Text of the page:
The death in London of celebrated writer and Nobel laureate V.S. Naipaul on August 11 was not unexpected; he had been ailing for a long while. Although your editor who once knew him well, was estranged from him in the last decade of his life, one can’t help experiencing pain of loss because Naipaul’s acute observational skills, capability to read between the lines, interpret nuance and condense experience into terse and unsparing prose, are interred with him and gone for ever.
Your correspondent’s most intense engagement with this great writer was in the early 1990s when I was the Mumbai-based CEO of Datamatics Direct — India’s pioneer and premier direct mail marketing firm, a division of the Datamatics Group, chaired by Dr. Lalit Kanodia. At that time in collaboration with Naipaul and his agent Gillon Aitken, I ideated a brilliant plan to design, print and publish a limited edition collection of 23 of Naipaul’s books divided into the Caribbean, Americas, India and Islam series.
Under an agreement, Naipaul consented to write a special introduction for each series, and also sign the first volume of each set which would have earned him Rs.72 lakh. However, the Collected Works of V.S. Naipaul (CWVSN) project foundered because the sheet-white, chain-smoking Aitken expressed inability to raise a modest sum of £10,000 (Rs.10 lakh) required to launch a direct mail campaign targeting 50,000 high-net worth individuals across India, despite his boast that he had Britain’s top book publishers in the palm of his hand. This sure winner project didn’t enthuse Dr. Kanodia either and belatedly aroused the tepid interest of former Citibank India CEO Jerry Rao. But by then it was too late. My friendship with Naipaul was broken.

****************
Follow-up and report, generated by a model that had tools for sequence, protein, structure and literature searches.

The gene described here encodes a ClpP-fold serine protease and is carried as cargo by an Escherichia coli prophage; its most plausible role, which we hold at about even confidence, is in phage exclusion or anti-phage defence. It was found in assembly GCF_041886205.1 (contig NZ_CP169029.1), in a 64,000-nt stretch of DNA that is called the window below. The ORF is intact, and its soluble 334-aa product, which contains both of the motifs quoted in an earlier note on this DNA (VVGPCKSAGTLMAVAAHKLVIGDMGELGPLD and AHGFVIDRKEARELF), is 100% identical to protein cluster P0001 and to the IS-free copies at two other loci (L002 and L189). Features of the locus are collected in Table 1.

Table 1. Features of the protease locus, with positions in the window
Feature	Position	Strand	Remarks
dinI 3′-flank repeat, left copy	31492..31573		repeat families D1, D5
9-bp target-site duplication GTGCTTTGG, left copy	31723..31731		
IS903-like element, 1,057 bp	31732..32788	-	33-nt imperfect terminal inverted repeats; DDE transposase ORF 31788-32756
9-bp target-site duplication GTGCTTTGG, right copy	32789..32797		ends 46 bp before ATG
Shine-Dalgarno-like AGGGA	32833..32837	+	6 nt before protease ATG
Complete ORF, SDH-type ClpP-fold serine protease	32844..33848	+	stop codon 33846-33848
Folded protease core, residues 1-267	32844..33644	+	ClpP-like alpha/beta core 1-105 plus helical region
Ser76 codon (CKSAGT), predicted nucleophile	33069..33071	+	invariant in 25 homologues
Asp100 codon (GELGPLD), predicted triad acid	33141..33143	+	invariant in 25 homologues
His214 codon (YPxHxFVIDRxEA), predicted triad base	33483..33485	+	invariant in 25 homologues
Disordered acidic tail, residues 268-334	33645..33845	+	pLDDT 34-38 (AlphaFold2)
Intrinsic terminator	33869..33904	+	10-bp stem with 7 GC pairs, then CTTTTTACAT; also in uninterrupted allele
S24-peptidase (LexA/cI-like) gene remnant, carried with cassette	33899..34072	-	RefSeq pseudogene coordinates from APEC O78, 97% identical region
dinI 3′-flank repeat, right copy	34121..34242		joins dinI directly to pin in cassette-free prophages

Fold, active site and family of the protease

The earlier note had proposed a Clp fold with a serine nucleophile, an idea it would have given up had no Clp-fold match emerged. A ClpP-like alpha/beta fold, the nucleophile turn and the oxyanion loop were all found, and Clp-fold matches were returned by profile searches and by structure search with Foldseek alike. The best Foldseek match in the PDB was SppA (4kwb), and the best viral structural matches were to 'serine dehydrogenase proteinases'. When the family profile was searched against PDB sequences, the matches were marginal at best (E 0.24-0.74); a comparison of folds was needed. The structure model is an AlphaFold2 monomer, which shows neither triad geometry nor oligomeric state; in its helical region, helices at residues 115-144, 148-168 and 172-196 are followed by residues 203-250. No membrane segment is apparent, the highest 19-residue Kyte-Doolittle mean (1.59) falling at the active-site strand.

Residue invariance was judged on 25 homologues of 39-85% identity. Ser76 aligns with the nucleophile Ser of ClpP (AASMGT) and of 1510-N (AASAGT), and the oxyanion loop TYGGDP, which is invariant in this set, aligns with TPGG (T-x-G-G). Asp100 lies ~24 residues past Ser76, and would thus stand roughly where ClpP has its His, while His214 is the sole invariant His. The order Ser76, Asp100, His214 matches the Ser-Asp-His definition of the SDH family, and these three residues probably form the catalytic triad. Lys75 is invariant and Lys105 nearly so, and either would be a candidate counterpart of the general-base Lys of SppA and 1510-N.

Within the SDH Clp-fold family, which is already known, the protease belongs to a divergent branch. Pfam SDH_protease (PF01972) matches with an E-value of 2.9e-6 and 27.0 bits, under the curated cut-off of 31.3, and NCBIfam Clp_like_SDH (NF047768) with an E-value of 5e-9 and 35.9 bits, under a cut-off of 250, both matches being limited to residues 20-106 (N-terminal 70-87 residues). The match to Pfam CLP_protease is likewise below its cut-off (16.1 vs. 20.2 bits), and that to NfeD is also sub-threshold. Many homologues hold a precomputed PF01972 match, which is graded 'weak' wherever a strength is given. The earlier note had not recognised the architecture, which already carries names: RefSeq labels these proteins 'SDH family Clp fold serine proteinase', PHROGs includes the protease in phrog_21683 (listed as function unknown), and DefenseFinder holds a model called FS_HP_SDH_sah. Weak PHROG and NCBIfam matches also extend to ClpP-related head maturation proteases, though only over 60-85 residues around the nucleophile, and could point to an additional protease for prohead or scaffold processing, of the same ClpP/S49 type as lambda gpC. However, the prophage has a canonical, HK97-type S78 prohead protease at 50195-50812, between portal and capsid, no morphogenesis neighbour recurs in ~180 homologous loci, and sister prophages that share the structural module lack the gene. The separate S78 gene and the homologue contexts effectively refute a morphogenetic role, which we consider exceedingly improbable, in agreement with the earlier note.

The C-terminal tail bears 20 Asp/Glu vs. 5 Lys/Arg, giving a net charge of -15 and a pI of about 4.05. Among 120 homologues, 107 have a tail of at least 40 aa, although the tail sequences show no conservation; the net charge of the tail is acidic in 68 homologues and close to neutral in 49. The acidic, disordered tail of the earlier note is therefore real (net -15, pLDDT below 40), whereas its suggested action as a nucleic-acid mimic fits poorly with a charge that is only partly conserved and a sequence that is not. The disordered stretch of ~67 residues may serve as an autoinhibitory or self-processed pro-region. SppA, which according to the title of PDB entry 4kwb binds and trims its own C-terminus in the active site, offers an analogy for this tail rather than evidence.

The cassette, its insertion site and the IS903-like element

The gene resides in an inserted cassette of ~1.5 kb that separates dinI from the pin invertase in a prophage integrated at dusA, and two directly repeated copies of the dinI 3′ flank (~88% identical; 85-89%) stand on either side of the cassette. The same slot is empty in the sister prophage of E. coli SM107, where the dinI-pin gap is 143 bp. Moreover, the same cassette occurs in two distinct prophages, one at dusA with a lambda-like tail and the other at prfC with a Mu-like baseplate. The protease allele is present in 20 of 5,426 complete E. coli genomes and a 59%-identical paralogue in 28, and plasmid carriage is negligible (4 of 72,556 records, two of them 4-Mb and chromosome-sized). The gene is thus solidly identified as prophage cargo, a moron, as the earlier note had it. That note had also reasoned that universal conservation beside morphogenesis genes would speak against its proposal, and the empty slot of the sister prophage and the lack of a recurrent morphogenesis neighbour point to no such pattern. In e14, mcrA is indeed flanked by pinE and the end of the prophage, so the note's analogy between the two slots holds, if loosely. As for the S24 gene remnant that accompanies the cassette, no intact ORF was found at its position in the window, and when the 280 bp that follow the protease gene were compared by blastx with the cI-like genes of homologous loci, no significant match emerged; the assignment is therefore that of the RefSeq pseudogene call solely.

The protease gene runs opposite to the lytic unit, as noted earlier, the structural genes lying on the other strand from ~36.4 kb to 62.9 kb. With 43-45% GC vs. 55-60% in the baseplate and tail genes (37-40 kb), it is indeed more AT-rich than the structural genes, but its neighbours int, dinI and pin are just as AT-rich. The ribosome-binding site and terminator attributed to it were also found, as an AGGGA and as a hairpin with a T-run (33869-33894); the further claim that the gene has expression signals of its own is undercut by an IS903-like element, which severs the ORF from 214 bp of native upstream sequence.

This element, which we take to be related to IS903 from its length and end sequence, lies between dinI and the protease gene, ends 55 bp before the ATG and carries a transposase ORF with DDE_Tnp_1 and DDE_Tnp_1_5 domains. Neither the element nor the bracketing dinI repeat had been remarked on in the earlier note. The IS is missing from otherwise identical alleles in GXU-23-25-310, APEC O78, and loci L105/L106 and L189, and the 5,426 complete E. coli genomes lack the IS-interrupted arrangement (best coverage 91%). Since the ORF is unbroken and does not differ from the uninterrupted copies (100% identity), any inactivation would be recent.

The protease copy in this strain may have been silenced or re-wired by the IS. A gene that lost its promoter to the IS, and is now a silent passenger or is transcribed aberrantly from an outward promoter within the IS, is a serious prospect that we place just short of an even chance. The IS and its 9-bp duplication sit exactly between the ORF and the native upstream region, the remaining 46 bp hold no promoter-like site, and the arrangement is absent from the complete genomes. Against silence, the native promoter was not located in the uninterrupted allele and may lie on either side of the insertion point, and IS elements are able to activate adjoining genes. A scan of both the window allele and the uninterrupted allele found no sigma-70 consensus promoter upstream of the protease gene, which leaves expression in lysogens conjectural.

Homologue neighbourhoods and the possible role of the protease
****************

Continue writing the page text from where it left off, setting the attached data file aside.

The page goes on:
If that project which would have invited (by direct mail) 50,000 high-net worth individuals to purchase — first paid first served — the curated, autographed and limited edition (we planned to print only 2,000 sets) of CWVSN for their personal libraries at a mere Rs.35,000 per set, the market price of each set would have been over Rs.10 lakh today. Alas, it was not to be, and Naipaul will be less valued for it.